This is some garage rock shit from NY, not to be confused with the Fucking AM, or AM 60 (also from New York). I had no idea what this band was about before pushing "play," but my reaction about 20 seconds into it was to hit "stop." Being a fan of many bands/albums that took numerous listens before I warmed up to them, though, I took it as my duty to give this a few more tries. Alas, it's straight-forward garage-rock, and it blows. Hasn't the hype on these bands died down yet? If you like the Mooney Suzuki, you'll dig this. (The Mooney Suzuki, mind you, is now featured on Madden 2005.) (DH)
(American Laundromat Records -- P.O. Box 1514, Huntington, NY. 11743; http://www.americanlaundromatrecords.com/; AM -- http://www.amtheband.com/)
Into The Light
Man, anybody who picks up a copy of Arcade's Into The Light expecting to hear the early-'90s hard rock band formed by Ratt's Stephen Pearcy is gonna be pissed. Of course, since the abovementioned group of music fans is probably outnumbered by the folks who actually worked on Arcade Mark One's albums, the four indie-rock ladies from Muncie, Indiana, who comprise Arcade the Younger should be in the clear. Good thing, too, because with songs like "Black As..." (which, like much of the album, mines the guitar dialogue and uncertain rhythm of Sleater-Kinney songs like "Get Up" for inspiration) and lead singer Carrie Conley's vocals echoing the bored detachment of Debora Iyall, the band's sonic touchstones are a little more left of center. Unfortunately, Arcade's lyrical sense isn't so hot, with awkwardness and groan-worthy conceits abounding; "No Good," for instance, is a neat little punk tune that is completely undone by a chorus built around two horrible analogies. There's some enjoyment to be found by ignoring the words, though, as the second chorus makes a valiant effort at righting a sinking ship by stripping down to vocals and handclaps, and "Into The Light" is a terrific, full-blast the-bar-is-closed-and-this-is-our-last-song number. Into The Light's not perfect by any stretch, but for a band finding its voice, it offers hints of an interesting future yet to come. For a decade-old offshoot of a second-string '80s hard rock band, it's a goddamn revelation. (MH)
(Wooden Man Records -- http://www.woodenmanrecords.com/; Arcade -- http://www.arcadetheband.com/)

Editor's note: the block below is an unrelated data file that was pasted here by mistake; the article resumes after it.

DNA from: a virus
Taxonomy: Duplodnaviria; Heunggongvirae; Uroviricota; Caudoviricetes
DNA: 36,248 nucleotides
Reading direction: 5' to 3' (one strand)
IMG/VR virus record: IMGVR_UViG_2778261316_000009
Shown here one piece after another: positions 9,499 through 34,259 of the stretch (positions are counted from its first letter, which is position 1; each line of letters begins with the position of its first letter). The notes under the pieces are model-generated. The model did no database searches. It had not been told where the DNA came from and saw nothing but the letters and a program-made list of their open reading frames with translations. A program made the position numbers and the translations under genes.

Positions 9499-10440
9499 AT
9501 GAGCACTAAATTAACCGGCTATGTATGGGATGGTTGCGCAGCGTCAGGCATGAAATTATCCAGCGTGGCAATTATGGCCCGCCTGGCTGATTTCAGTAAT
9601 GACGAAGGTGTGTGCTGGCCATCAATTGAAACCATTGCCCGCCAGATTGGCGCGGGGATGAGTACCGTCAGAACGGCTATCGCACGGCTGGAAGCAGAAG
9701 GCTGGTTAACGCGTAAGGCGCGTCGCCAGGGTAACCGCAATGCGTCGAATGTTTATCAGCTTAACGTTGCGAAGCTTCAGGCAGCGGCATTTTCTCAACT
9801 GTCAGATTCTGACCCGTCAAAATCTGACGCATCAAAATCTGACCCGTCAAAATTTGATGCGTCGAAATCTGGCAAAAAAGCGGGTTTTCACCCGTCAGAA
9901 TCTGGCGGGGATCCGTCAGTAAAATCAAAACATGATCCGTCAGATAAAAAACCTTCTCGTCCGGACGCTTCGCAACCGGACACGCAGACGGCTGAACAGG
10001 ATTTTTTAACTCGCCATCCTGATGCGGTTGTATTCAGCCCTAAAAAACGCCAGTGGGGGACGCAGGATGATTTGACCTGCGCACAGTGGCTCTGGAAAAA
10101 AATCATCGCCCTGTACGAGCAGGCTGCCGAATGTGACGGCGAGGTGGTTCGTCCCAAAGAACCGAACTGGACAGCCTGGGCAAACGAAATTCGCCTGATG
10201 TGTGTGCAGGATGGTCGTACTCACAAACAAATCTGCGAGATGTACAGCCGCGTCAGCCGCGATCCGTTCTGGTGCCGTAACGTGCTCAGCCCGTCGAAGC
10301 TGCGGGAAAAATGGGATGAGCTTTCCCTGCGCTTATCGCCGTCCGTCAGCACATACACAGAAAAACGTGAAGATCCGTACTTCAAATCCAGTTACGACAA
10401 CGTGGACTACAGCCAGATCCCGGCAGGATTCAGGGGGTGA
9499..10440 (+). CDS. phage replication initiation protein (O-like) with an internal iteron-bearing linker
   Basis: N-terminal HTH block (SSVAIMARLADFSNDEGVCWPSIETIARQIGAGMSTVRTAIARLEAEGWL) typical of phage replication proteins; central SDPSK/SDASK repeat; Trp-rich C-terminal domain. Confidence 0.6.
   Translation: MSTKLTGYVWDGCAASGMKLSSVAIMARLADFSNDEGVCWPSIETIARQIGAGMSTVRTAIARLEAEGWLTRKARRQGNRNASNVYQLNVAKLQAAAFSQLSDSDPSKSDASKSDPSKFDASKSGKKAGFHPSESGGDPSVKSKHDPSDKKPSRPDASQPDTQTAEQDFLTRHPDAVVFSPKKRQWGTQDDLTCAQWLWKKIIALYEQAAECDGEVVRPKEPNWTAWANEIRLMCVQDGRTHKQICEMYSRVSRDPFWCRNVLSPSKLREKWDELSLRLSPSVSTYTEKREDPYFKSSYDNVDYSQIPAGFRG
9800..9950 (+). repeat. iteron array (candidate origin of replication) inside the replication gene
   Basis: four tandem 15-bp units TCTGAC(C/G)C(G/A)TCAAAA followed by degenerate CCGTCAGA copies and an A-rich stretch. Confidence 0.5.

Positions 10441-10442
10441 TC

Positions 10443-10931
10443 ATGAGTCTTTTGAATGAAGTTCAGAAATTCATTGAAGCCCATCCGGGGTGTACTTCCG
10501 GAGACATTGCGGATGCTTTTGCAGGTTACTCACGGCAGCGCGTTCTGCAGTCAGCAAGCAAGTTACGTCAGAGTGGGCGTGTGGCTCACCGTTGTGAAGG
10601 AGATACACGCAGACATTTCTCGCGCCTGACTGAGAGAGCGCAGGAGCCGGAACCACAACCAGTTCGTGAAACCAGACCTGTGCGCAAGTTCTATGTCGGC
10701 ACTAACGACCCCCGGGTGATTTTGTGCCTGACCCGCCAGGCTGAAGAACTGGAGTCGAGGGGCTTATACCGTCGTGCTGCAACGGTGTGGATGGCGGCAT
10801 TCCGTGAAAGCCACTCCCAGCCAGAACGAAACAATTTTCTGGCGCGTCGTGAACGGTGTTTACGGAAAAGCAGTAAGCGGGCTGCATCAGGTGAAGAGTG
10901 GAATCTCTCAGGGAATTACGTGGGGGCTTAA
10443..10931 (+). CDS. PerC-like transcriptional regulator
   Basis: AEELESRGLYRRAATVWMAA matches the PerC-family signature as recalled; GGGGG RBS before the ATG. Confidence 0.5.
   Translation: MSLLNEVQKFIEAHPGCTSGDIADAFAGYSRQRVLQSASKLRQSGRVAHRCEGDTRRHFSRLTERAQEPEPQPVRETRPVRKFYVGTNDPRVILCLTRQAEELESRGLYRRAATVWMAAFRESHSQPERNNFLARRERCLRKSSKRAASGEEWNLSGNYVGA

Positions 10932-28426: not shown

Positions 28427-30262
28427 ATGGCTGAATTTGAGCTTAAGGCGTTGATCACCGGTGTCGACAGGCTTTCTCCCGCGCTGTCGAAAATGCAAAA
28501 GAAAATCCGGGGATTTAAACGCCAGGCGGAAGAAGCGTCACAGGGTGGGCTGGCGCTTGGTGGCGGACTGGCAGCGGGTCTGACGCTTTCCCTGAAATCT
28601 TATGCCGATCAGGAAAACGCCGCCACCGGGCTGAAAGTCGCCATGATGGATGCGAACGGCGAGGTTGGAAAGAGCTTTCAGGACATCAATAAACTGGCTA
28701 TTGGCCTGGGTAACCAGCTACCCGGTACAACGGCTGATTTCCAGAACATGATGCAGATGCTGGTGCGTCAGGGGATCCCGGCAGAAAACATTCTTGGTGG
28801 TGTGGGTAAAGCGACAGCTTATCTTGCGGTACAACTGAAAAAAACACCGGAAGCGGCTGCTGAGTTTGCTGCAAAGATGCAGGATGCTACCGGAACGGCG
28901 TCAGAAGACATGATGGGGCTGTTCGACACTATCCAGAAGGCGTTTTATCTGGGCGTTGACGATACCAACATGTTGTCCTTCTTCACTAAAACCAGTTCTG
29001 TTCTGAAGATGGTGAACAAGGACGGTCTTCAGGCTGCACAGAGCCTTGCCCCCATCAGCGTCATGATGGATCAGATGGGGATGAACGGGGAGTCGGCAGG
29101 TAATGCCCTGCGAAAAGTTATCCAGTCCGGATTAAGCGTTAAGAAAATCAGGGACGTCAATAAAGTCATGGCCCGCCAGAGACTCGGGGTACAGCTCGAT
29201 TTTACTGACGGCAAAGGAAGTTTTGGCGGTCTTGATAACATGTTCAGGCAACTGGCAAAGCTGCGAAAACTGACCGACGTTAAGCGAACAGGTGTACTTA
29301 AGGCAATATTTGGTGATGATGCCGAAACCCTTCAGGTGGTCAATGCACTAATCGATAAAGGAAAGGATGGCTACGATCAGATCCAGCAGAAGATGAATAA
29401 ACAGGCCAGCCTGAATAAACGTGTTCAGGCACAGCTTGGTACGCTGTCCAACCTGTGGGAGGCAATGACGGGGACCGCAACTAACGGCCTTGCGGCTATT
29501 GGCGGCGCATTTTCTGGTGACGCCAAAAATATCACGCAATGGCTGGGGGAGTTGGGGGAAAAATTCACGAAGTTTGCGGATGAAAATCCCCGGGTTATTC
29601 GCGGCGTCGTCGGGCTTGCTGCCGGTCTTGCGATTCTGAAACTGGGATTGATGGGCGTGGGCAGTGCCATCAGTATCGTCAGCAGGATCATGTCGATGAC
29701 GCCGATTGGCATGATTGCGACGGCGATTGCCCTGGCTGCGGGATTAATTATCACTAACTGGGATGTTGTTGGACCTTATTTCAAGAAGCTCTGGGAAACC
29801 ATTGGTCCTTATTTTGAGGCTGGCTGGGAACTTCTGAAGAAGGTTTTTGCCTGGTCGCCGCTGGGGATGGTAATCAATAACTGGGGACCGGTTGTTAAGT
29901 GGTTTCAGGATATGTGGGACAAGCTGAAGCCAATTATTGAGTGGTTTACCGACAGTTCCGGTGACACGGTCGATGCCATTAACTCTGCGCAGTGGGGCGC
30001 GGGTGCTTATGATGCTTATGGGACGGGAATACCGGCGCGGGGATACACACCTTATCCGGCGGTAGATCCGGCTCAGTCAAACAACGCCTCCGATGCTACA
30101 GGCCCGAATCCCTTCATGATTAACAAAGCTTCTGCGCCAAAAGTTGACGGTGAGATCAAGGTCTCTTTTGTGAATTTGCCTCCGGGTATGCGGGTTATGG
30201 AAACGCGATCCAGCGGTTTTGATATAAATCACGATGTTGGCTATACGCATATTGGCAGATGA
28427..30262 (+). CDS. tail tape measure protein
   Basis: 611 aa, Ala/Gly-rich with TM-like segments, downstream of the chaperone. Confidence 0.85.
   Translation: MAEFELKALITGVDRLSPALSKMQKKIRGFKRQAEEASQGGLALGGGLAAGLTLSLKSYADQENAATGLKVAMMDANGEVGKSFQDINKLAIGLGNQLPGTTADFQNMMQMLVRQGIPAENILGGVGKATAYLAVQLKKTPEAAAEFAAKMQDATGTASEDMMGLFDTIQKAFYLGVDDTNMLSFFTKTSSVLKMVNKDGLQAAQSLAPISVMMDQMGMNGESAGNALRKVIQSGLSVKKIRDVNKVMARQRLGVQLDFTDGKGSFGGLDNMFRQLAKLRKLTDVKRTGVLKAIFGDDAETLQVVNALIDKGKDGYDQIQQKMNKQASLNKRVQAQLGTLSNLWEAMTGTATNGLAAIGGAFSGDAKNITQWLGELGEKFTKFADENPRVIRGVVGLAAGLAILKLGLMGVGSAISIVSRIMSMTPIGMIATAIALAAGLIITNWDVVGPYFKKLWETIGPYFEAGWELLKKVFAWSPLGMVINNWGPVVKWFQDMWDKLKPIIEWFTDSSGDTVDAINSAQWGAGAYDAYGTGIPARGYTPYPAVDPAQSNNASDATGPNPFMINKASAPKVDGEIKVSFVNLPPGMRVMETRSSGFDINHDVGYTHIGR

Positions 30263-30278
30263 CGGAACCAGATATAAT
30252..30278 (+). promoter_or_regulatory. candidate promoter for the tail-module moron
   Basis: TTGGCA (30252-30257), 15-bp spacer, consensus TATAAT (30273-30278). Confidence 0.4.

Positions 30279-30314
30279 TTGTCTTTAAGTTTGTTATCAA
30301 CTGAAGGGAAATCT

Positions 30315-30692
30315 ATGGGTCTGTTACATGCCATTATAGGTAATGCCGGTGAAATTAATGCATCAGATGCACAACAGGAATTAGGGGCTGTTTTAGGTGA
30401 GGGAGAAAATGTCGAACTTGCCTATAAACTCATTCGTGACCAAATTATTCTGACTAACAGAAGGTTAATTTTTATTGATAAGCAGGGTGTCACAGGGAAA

The Atomic Bitchwax
Normally when I hear about a band doing a cover song on their album, I'm skeptical. It's one thing to perform a cover live, but quite a different thing to actually record it.
Lately, however, I've heard more and more good cover songs. Case in point: the Atomic Bitchwax's cover of AC/DC's "Dirty Deeds Done Dirt Cheap," from their album Spit Blood. Typically, I'd prefer a band choose a more obscure song or a song by a relatively unknown band, at least (in an effort to get some sales for the original band's albums), but the Atomic Bitchwax, made up of guitarist Ed Mundell of Monster Magnet, drummer Keith Ackerman, and bassist Chris Kosnik of Godspeed, do their best Jersey bar-band interpretation, pulling off a classic.
The rest of the album -- songs like "Liquor Queen," "Spit Blood," and "Black Trans-Am" -- are stereotypical stoner rock tunes that bring to mind Kyuss/Queens of the Stone Age and (yes, you guessed it) Monster Magnet. There's nothing earth-shattering or completely original on Spit Blood but nothing really awful, either. It sounds like the band actually has fun and doesn't take themselves that seriously -- definitely a refreshing change of pace in music today.
The best thing about Spit Blood, however, is the extras the CD contains. The CD features dozens of MP3s, tracks of studio outtakes, several video clips of the band in the studio, an interview, and much more. (DAC)
(MeteorCity Records -- P.O. Box 40322, Albuquerque, NM. 87196; http://www.meteorcity.com/; http://www.theatomicbitchwax.com/)